The other big scandal already happened, which is the outrage of Roger Corman, Gordon Willis and Lauren Bacall not being presented with Honorary Lifetime Achievement awards on live TV. While Warren Beatty asserted that it was "better" that these shimmering, glowing stars of the cinema firmament be honored in the clubby atmosphere of super-secret ceremony, I guess I don't see his point. Willis and Bacall's awards are long overdue itch-scratches, and Corman's is probably the greatest Oscar ever awarded. The Lifetime Achievements are an important part of the telecast because they acknowledge with much fanfare that sometimes the Academy fails, over and over, to honor the right achievement in the eyes of history, and sometimes — as in Corman's case — a body of work is important beyond the Best-itude of an individual film. So the March 7th proceedings are already robbed of their best moment, which was Quentin Tarantino's verbal award to Corman: "The movie fans of the world thank you."
Those awards selected by cabals of technicians always disappoint me. While general audiences may only be nudged into "noticing" sound elements, makeup, costumes, editing, etc. when they are particularly loud, showy and bold, the people who make their livings at these tasks watch every movie through the lens of their field of expertise. I do/don't understand why noisy action movies constitute the bulk of the Sound Mixing & Editing category. I'd have picked The Hurt Locker, Basterds and the tricky, clever job on Drag me to Hell for mixing, but otherwise shouldn't this category always be populated by... documentaries? Don't they have the most obstacles to overcome with production sound? Sound Editing should be loaded with animated features, in which the entire sound design has to be built from the ground up. This makes sense to me only, apparently, though my choice would be the sonic wonder A Serious Man.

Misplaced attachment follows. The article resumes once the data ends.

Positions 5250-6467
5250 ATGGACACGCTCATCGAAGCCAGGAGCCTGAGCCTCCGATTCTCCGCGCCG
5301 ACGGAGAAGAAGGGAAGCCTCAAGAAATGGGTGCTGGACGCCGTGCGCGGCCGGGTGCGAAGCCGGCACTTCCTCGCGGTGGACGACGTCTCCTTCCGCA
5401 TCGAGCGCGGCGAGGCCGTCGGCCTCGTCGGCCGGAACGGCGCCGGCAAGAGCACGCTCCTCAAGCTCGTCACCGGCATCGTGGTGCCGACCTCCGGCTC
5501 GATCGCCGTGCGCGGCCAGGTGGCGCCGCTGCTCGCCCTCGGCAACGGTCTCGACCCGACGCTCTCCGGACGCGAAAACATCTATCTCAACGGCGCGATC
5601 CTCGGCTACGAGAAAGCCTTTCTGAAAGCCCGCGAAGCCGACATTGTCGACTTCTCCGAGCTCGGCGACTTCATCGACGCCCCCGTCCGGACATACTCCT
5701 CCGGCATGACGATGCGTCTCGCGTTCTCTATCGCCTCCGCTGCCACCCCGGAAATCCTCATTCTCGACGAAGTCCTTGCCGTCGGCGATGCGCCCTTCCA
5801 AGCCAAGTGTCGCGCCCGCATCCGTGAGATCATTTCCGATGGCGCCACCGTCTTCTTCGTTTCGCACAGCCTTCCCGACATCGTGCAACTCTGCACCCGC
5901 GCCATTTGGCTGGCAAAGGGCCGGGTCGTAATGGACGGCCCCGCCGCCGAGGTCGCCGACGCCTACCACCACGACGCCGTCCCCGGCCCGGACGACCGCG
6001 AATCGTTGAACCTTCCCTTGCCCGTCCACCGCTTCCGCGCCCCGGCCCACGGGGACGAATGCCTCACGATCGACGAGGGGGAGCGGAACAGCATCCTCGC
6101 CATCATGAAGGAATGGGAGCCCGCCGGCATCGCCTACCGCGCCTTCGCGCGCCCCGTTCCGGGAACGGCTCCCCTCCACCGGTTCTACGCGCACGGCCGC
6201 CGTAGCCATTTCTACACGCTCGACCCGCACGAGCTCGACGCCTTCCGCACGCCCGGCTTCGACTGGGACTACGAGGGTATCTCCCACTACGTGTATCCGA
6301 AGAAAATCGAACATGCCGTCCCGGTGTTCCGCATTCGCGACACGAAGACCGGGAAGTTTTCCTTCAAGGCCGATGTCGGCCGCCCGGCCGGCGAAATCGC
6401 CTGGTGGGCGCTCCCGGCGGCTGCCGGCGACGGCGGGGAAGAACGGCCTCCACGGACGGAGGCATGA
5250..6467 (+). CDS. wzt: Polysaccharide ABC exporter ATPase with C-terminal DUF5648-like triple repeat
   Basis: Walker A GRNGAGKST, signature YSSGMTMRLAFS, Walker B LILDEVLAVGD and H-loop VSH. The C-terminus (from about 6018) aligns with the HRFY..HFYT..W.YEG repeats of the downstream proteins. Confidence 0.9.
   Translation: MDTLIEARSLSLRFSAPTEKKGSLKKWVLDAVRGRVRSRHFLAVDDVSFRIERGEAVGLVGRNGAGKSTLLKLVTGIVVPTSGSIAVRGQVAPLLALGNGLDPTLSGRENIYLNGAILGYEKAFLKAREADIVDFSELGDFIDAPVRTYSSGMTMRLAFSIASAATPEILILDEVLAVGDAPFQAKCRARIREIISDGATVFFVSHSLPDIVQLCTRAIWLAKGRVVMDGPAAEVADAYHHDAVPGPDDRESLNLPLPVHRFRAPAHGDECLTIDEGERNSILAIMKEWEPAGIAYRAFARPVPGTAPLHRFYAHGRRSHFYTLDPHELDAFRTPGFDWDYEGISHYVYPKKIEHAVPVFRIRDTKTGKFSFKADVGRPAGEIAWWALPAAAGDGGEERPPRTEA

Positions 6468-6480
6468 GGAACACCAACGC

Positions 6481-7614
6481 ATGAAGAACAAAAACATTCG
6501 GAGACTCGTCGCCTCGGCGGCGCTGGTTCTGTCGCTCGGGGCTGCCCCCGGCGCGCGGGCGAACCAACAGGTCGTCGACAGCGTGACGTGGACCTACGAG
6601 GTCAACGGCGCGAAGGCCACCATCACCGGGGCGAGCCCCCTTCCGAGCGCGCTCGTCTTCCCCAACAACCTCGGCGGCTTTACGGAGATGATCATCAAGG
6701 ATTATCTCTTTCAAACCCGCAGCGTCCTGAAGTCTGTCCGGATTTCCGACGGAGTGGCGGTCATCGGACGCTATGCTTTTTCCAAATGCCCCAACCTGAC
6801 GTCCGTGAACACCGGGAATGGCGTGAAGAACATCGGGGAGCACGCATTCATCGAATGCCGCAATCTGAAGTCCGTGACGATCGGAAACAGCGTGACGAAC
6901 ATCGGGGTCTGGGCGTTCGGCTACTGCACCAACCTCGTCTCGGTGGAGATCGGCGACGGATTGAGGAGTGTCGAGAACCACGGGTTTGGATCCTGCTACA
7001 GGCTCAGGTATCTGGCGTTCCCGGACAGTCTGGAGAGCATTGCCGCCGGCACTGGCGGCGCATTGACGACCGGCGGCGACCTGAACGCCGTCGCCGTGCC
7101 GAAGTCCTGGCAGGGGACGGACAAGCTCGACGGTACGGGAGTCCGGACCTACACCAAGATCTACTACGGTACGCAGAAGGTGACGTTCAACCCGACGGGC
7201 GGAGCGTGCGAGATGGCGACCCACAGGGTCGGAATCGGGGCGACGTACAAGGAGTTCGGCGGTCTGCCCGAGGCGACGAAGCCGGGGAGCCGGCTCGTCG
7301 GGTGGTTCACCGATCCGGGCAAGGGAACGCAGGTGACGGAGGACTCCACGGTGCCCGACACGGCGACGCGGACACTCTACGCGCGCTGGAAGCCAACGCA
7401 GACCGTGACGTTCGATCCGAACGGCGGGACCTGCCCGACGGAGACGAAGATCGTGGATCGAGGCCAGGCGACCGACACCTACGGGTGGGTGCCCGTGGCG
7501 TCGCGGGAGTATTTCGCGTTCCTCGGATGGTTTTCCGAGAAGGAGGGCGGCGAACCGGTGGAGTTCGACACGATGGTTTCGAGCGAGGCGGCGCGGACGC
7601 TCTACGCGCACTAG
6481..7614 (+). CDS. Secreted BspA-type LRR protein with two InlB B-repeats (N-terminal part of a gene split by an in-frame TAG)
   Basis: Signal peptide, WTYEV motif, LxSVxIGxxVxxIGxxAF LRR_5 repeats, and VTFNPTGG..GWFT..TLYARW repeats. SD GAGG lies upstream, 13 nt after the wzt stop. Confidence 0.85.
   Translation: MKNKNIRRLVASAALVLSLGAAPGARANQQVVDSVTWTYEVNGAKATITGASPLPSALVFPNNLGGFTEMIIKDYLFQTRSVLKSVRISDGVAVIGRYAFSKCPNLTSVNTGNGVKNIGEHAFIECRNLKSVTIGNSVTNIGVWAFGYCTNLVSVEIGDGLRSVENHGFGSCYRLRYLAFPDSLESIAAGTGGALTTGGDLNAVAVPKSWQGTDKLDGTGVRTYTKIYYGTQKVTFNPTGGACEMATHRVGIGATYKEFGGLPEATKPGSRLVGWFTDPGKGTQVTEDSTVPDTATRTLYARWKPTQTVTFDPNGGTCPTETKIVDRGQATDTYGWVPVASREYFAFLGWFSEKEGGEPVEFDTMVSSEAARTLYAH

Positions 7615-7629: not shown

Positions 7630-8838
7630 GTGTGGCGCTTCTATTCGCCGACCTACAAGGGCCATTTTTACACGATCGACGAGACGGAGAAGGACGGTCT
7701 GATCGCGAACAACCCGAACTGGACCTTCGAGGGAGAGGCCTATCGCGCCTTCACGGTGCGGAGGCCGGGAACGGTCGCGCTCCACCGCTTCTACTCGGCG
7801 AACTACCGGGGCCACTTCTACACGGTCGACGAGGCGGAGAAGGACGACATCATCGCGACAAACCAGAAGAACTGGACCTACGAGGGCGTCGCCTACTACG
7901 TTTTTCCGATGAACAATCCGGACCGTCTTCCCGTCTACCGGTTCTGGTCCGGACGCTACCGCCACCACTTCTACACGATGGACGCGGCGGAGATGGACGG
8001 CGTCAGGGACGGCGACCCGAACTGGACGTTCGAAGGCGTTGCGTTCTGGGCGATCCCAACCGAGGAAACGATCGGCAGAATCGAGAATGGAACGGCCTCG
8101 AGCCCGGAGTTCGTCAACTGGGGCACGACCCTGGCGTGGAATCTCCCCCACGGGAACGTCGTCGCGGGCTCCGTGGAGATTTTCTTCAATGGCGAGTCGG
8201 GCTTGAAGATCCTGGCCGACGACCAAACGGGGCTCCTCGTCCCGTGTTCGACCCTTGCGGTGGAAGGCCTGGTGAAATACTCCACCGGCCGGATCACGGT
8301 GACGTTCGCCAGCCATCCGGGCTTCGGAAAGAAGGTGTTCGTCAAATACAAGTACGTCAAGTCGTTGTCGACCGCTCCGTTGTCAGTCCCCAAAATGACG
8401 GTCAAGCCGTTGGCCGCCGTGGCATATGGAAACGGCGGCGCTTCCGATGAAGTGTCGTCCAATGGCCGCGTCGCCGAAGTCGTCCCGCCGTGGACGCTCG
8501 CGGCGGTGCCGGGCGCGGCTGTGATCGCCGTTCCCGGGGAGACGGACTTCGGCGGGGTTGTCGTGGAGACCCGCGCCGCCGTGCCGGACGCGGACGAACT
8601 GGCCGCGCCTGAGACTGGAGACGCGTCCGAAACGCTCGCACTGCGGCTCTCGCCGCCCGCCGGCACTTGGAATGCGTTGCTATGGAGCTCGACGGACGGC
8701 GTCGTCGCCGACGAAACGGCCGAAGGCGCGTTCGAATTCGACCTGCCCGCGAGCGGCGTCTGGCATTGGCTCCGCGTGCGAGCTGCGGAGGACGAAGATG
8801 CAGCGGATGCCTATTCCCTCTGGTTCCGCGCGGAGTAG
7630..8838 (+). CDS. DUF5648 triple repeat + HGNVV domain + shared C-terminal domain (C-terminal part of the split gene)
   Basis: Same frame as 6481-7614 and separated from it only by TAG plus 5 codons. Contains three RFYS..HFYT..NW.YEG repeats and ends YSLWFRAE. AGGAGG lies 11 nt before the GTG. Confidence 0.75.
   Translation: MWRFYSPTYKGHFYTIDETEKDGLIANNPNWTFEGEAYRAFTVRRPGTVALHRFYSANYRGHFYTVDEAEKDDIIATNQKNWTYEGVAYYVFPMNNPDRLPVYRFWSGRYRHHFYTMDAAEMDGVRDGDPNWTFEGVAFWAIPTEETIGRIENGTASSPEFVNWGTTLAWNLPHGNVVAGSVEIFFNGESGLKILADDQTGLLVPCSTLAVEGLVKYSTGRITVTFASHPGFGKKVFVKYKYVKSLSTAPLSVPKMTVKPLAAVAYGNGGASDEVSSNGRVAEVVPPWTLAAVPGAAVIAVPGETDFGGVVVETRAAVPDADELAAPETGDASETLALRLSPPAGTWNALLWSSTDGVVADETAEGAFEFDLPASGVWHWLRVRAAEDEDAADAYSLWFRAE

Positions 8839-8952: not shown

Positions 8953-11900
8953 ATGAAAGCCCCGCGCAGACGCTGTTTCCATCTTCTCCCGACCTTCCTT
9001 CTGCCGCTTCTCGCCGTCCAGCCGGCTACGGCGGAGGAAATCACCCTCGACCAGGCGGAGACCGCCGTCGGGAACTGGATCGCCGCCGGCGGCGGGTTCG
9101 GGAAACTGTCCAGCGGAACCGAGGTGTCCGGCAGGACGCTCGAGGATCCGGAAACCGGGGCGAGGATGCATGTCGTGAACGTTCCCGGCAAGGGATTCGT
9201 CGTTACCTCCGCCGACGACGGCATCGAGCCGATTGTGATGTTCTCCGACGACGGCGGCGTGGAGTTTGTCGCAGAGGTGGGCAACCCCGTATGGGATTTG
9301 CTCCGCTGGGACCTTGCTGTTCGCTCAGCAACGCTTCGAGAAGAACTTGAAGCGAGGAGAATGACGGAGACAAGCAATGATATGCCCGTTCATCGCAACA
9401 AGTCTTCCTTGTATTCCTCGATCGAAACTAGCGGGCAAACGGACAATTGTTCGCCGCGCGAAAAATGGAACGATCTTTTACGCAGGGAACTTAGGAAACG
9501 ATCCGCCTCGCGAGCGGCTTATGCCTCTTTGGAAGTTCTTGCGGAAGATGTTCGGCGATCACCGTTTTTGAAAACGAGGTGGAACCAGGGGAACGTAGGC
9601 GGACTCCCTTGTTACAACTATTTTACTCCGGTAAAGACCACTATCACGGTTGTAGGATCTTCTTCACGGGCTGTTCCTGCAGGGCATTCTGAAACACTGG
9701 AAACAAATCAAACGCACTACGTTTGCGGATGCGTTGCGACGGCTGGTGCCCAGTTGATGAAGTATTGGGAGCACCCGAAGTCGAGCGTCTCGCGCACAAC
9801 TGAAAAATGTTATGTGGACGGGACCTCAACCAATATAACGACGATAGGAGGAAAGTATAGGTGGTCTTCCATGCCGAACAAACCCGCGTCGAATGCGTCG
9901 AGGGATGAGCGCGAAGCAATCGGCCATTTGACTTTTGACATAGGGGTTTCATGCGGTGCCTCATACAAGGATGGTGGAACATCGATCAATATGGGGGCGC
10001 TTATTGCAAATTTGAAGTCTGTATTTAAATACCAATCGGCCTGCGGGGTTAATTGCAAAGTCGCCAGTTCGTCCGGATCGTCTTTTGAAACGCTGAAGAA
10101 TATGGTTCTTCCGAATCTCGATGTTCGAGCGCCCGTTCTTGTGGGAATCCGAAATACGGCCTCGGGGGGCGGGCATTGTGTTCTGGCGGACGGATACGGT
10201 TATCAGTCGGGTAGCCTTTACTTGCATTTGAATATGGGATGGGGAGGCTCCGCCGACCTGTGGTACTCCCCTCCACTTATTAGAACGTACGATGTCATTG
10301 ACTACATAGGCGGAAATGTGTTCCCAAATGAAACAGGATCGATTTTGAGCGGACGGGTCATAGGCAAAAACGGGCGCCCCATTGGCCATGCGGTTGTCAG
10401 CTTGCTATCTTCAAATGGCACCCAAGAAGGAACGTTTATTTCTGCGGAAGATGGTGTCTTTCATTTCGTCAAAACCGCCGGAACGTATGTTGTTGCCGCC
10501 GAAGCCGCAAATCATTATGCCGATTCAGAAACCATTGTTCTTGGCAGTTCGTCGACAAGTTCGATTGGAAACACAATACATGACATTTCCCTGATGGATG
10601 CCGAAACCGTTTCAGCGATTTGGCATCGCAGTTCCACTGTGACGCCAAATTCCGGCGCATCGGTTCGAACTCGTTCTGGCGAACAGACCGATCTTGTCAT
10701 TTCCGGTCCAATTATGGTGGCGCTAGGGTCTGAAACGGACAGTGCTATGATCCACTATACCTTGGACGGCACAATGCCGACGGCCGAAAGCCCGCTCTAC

Makeup and Costume are the most baffling categories, because I'm not even sure politics are involved. Makeup ought to be split into two awards (effects makeup and, uh, not-effects). I only saw Star Trek of these, and it seems like an awful choice. Perhaps it is the cinematography's fault, but Chris Pine's skin looks bad and Zach Quinto simply looks disgusting. I'd have picked Drag Me to Hell, duh, or Basterds which required several neat makeup tasks from glamour to gore, recreation of historical personalities to a convincing noose scar to B.J. Novak's sickly pallor. Costume is really The Most Numerous Pretty Dresses Award, and I'd go another route and pick Fantastic Mr. Fox, for which several dozen animal puppets had to be outfitted with penny loafers... and bandit hats!.